Cynthia Martens. “Lower drinking age could aid terror war”. The Badger Herald, The University of Wisconsin-Madison. 29 Mar. 2005 – According to the World Almanac, 15-20 year olds make up roughly 8 percent of the U.S. population. Young drivers — especially young male drivers — account for a much higher share of injury and fatal car crashes than they do of the general population. Still, their share of alcohol-related crashes, while greater than their share of the population, is significantly smaller than their total share of accidents. Proponents of the current drinking age would cite this as proof the drinking age works. This assumes the only reason for a lower share of alcohol-related accidents is the 21-year age limit reducing access to alcohol. Yet zero-tolerance policies and the penalty of loss of a driver’s license may motivate many young drivers to be more responsible behind the wheel. Other possible explanations include teenage curfews and parental pressure.
John J. Miller. “The Case Against 21. Lower the drinking age.” April 19, 2007 – The zero-tolerance laws in place already discourage teenagers from driving drunk. These laws should remain tough. With sufficiently strict laws against drunk driving — maybe even especially strict laws for young drivers — I doubt drunk driving would be anymore of a problem than it already is, in the long run.
What annoys McCardell most is the recurring claim that the raised drinking age has saved more than 21,000 lives. “That’s talking point #1 for modern temperance organizations, but they can’t point to any data that show a cause and effect,” he says.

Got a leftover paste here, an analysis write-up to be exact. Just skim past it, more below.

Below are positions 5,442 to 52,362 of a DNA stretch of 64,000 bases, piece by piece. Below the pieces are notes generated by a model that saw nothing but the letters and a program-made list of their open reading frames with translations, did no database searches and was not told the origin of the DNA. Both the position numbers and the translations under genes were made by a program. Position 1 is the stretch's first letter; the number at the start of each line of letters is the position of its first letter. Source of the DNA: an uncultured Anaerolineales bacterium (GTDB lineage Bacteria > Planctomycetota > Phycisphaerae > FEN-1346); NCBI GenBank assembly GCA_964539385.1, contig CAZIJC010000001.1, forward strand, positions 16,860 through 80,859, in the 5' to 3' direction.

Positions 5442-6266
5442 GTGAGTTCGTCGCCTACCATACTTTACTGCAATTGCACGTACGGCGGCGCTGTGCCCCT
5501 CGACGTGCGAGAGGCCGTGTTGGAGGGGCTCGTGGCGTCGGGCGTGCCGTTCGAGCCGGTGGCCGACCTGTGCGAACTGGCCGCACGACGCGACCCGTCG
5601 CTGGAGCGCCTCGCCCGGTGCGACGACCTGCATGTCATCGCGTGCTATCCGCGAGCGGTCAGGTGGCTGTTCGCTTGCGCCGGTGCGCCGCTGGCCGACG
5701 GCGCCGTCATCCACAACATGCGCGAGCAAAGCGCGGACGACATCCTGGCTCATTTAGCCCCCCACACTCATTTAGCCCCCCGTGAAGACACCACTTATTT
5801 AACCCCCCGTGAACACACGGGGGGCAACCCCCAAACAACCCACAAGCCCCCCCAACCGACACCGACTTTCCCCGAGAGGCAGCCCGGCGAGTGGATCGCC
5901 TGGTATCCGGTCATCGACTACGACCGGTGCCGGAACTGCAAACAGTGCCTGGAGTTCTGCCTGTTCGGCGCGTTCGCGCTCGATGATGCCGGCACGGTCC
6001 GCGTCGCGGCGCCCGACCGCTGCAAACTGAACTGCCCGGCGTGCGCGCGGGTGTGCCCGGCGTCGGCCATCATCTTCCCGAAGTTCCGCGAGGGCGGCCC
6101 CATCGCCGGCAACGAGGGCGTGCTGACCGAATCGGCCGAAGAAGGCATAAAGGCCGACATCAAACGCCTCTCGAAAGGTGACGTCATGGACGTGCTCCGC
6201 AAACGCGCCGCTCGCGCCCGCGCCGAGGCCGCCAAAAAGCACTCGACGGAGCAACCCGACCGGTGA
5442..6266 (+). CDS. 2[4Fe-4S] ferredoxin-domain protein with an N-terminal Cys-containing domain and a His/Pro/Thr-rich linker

As his report reveals, alcohol-related driving fatalities have fallen sharply since 1982, when a presidential commission on drunk driving urged states to raise their drinking ages to 21. That year, there were 1.64 deaths per 100 million vehicle miles of travel; in 2001, there were 0.63 deaths. That’s a drop of 62 percent.
This is an important achievement. Yet the drinking age probably played only a small role. The dramatic increase in seat-belt use almost certainly accounts for most of the improvement. The National Highway Transportation Safety Administration says that the proper use of seatbelts reduces the odds of death for front-seat passengers involved in a car crashes by 45 percent. In 1984, when President Reagan linked federal highway funds to the 21-year drinking age, about 14 percent of motorists used seatbelts. By 2004, this figure had shot up to 80 percent. Also during this period, life-saving air bags became a standard feature on cars.
What’s more, alcohol-related fatalities were beginning to decline before the movement for a raised drinking age got off the ground, thanks to a cultural shift. “As a society, we’ve become a lot more aware of the problem of drunk driving,” says McCardell. “When I was in school, nobody used the term ‘designated driver.’” Demographic forces helped out, too: In the 1980s, following the Baby Boom, the population of young people actually shrank. Fewer young drivers means fewer high-risk drivers, and so even if attitudes about seat belts and drunk driving hadn’t changed, there almost certainly would have been a reduction in traffic deaths anyway.